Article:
Immediacy Counts Justin French 25 Sep 2005

69 comments Latest by J

Late last week, I decided I wanted a new display. The two contenders were Apple’s 23”, and Dell’s 24”. According to reports, they’re essentially the same thing, and there was AU$400-500 difference between the two. I decided I’d prefer the Apple, but the price difference was hard to ignore, so I took a look at the Dell option first.

  1. Go to the Dell Australia website, see that their build/shipping guidelines are ridiculous.
  2. Think to myself “maybe these are for full systems” and call Dell. Someone with awful English (from a call center on the other side of the world, I guess) tells me it would take a minimum 9 business days for them to ship the display to my door.
  3. Realize that these 9 business days cross over 2 weekends, taking the total to 13 days.
  4. Ask them if they have any retail stores or warehouses where I can pick one up. They have a display center, but you can’t buy anything there. They do not have any local distributors or resellers. You buy direct from Dell over the web or by phone.
  5. Note that the Apple Store has shipping times of around 1‚Äď2 business days.
  6. Call up two Apple stores. One has the display in stock, at full retail. One can have it in stock the next business day, and offers a $100 discount.
  7. Order the Apple.

Apple aren’t exactly renowned for their immediacy (my Powerbook took about four days, my brother’s Mac mini took almost two weeks, and my friend’s iBook took an eternity), but if they’re beating Dell by weeks then something is horribly wrong. The Dell business model down here (not sure if it applies world-wide) removes any chance of an impulse purchase. Immediacy counts.

No one wants to wait 2 weeks for delivery on what should be a commodity item (I want to go grab one from a local retailer now). No one wants to be called back by a sales representative for pricing (just show me the prices on your website). No one wants to schedule a meeting to see a demo of some software (let me download a limited trial, or show me a movie of it in action).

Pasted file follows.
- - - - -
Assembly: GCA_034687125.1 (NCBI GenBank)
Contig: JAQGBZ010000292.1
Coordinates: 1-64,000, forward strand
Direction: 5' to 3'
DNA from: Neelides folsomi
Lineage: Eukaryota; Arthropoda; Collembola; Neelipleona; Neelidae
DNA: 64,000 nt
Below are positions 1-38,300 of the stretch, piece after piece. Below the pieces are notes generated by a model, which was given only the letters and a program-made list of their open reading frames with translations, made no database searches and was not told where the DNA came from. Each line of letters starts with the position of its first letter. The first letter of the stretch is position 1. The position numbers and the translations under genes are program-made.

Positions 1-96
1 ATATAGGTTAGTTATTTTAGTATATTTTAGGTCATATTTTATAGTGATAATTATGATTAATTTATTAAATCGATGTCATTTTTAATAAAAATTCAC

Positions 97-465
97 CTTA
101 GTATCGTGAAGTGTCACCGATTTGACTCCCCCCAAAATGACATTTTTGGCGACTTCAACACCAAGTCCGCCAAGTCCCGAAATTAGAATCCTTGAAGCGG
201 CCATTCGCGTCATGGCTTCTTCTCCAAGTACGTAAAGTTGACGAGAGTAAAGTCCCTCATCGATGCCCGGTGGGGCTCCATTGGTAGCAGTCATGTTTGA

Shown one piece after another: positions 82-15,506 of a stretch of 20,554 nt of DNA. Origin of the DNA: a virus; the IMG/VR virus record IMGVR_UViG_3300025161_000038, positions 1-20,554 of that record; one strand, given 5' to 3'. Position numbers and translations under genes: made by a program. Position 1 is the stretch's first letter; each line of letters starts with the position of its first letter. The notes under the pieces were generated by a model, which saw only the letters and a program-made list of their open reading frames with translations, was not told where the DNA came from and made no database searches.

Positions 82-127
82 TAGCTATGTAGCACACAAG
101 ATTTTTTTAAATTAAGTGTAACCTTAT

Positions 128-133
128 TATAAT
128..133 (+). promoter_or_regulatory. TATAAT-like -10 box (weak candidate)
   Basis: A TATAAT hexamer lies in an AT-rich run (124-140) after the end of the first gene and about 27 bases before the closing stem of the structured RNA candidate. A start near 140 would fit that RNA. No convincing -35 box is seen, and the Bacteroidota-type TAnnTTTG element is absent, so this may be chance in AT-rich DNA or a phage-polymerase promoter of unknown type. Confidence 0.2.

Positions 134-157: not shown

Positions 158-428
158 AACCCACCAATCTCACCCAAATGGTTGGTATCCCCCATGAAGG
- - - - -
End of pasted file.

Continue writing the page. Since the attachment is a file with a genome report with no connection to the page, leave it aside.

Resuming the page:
I guess I expected Dell to be more like Ikea, but they were the exact opposite.

69 comments so far (Jump to latest)

Peter 26 Sep 05

My experience with Dell has been much different here in the US. When I ordered my first computer with them a few years ago it took about 3-4 days for it to arrive, with the lowest shipping option.

My day to day experience with them is even better though. My university has a deal with Dell, and all our computers are through them with 3 yr warranties. Something breaks, we tell Dell, they have a replacement part delivered the next day.
My guess is that they just don’t have any distro centers in Australia.

Tom 26 Sep 05

Well, lets be honest here, the reason Dell takes longer with things is because they sell a lot more. I don’t think there’s any statistic in the world that puts Apple sales anywhere close to Dell sales.

Also you have to consider that most of Dell’s customers are business customers who really don’t care about a 9-day wait. Again, Dell’s position in the marketplace shows this to be true.

I’m not against your main premise, immediacy is nice, but the simple truth is it doesn’t matter that much. Most corporate software’s still sold by sales people giving demos and most companies don’t mind waiting 9 days for a high end item.

Put it this way, most people would assume that intelligent people can spell the word immediacy correctly but my experience has been that smart people are rarely great at spelling.

George 26 Sep 05

Doesn’t apply 100% to your experience… But we placed an order with Dell for a dozen servers, and it took well over a month and a half to get them all in, even though the “estimated ship date” said 2 weeks. Beware those estimated ship dates.

Dave 26 Sep 05

Tom your comment was a bit all over the place, taking shots at both Apple and Justin’s spelling. In particular, though:

Well, lets be honest here, the reason Dell takes longer with things is because they sell a lot more.